- - Tuesday, January 17, 2017

ANALYSIS/OPINION:

K STREET

By M.A. Lawson

Blue Rider Press, $28, 304 pages

K Street in Washington D.C. is considered a haven for lobbyists, lawyers and doctors, but in this bullet-riddled thriller, it could be the setting for the gunfight at the OK Corral.

The book is launched with a massacre of members of the Callahan Group, which is a covert intelligence outfit that funnels dubious money to dubious places. Some of the shooting is done by a former employee of Callahan, a tall, glamorous and gun-toting blond called Kay Hammon who already has nine notches on her gun and clearly is prepared to make any needed use of the weapon. To say the book begins with a bang is putting it mildly. By Page 18 the quiet office on K Street is littered with the dead and dying.

Kay who is also a former member of the DEA, does call an ambulance to rescue the remains of Callahan but otherwise not only keeps her cool but plunges into an investigation of her own that turns out to involve other women as tough as she is. She figures out that she has interrupted a break-in at the Callahan offices where the target is the safe, and that briefly puzzles her because there isn’t usually much money in it — which means there is something more valuable in it. The plot swings to the involvement of the highly secretive NSA and pivots on a group of charming but cold-blooded women. Like Mary Platt, a D.C. detective who reminds Kay of “a girl who used play on her high school soccer team.” She is not about to reveal to Platt that Callahan is a covert group that is engaged when the U.S. government doesn’t want to deploy legitimate agencies.

It tells you all you need to know about Kay that before she embarks on an investigation she needs a bigger gun, “She had a little .32 she could use in an ankle holster but it was only accurate at very close range and doesn’t have the kind of stopping power she wants.” But she knows what to do and where to go, which is to a neighbor Eloise, who used to work for the Secret Service and is familiar with guns. She and Kay are both happy with Berettas.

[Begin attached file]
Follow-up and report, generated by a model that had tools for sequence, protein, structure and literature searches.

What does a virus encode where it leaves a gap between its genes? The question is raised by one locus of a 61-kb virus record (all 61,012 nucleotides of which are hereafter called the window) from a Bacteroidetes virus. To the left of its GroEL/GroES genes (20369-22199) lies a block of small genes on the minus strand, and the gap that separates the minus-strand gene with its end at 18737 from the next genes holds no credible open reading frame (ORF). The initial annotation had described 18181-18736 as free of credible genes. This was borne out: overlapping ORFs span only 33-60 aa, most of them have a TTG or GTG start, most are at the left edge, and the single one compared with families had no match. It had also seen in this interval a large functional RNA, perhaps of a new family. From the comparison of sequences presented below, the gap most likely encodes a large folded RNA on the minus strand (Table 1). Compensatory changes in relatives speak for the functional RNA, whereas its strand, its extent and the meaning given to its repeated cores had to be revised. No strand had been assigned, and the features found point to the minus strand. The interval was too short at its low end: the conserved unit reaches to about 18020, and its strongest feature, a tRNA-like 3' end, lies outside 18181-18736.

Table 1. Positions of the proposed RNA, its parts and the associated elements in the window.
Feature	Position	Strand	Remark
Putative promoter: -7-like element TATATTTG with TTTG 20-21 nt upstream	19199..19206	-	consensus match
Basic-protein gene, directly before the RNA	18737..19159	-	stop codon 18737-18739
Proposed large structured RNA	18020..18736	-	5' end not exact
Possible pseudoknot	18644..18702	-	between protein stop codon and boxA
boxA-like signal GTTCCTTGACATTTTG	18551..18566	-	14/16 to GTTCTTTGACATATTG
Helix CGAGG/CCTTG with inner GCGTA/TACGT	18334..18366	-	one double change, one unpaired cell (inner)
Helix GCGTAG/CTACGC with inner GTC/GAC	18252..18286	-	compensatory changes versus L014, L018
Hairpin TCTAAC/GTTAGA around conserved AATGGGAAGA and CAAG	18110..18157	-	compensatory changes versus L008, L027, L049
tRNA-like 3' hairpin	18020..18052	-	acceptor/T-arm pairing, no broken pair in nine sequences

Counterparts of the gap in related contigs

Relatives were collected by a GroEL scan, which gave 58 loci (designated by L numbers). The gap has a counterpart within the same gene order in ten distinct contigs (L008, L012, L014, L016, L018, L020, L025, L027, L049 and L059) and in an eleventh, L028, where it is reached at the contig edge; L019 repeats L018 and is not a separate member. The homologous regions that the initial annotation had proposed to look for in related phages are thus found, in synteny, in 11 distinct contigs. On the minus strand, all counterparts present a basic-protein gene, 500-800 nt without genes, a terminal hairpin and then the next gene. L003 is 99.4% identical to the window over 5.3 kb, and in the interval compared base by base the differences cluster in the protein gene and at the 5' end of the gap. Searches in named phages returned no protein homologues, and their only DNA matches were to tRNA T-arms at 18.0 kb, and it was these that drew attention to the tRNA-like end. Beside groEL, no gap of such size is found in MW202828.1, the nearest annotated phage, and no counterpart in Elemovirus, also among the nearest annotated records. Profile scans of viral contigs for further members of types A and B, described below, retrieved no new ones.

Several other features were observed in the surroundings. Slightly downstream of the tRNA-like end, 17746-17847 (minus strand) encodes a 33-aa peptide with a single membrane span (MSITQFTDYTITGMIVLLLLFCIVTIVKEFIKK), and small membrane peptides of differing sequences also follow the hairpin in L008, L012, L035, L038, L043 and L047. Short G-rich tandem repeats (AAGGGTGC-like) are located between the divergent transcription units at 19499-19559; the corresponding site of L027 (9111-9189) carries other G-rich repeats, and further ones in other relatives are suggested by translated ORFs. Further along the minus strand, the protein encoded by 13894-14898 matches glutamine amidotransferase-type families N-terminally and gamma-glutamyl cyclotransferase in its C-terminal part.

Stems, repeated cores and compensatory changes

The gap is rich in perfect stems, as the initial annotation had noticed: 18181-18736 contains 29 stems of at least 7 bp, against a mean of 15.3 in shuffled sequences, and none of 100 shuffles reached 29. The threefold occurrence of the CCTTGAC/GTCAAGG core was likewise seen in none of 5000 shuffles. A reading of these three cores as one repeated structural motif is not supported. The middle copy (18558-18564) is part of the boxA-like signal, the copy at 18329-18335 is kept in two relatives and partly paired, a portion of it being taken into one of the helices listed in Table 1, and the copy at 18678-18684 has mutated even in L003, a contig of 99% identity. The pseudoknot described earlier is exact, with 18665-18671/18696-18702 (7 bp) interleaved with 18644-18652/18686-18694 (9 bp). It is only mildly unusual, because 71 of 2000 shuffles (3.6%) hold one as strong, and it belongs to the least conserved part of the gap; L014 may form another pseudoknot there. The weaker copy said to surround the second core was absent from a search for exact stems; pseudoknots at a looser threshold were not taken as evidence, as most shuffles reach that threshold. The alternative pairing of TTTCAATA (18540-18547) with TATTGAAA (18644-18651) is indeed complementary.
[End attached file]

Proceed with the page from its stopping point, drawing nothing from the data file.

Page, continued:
And then there is Olivia Prescott, a member of the NSA who fits Kay’s concept of “a cranky spinster librarian who dyes her hair platinum.” She provides Kay with useful information about one Sally Ann Danziger, who is one of the victims of the K Street shootings and who seems to have died because she was in possession of a sinister email linked to a submarine solar system, which is top secret and is involved in solar technology. Kay doesn’t understand it and doesn’t need to. The fact that the NSA is involved in it is what matters. And if the reader is not already struggling to cope with a wicked crowd of women, there is Lin Ma, who works for the Chinese government, which is high risk in any terms. It is especially dangerous since she is working with a Chinese agent called Fang who lives up to the impression given by his name and is dangerous, indeed. As poor Lin Ma finds out as she tries to escape to Beijing where a dubious welcome awaits her.

Romance is missing in this thriller apart from an afternoon off when Kay indulges in sex with her wealthy lover but never permits her love life to interfere with her work. Lying to her lover is part of the job and Kay loves her work. The author has created a character who is engaging, fast-talking and the kind of woman any good spy agency would snap up. And she would be willing to be snapped up as long as they gave her a gun with enough stopping power. It’s good, grisly fun.

Muriel Dobbin is a former White House and national political reporter for McClatchy newspapers and the Baltimore Sun.

LOAD COMMENTS ()

 

Click to Read More

Click to Hide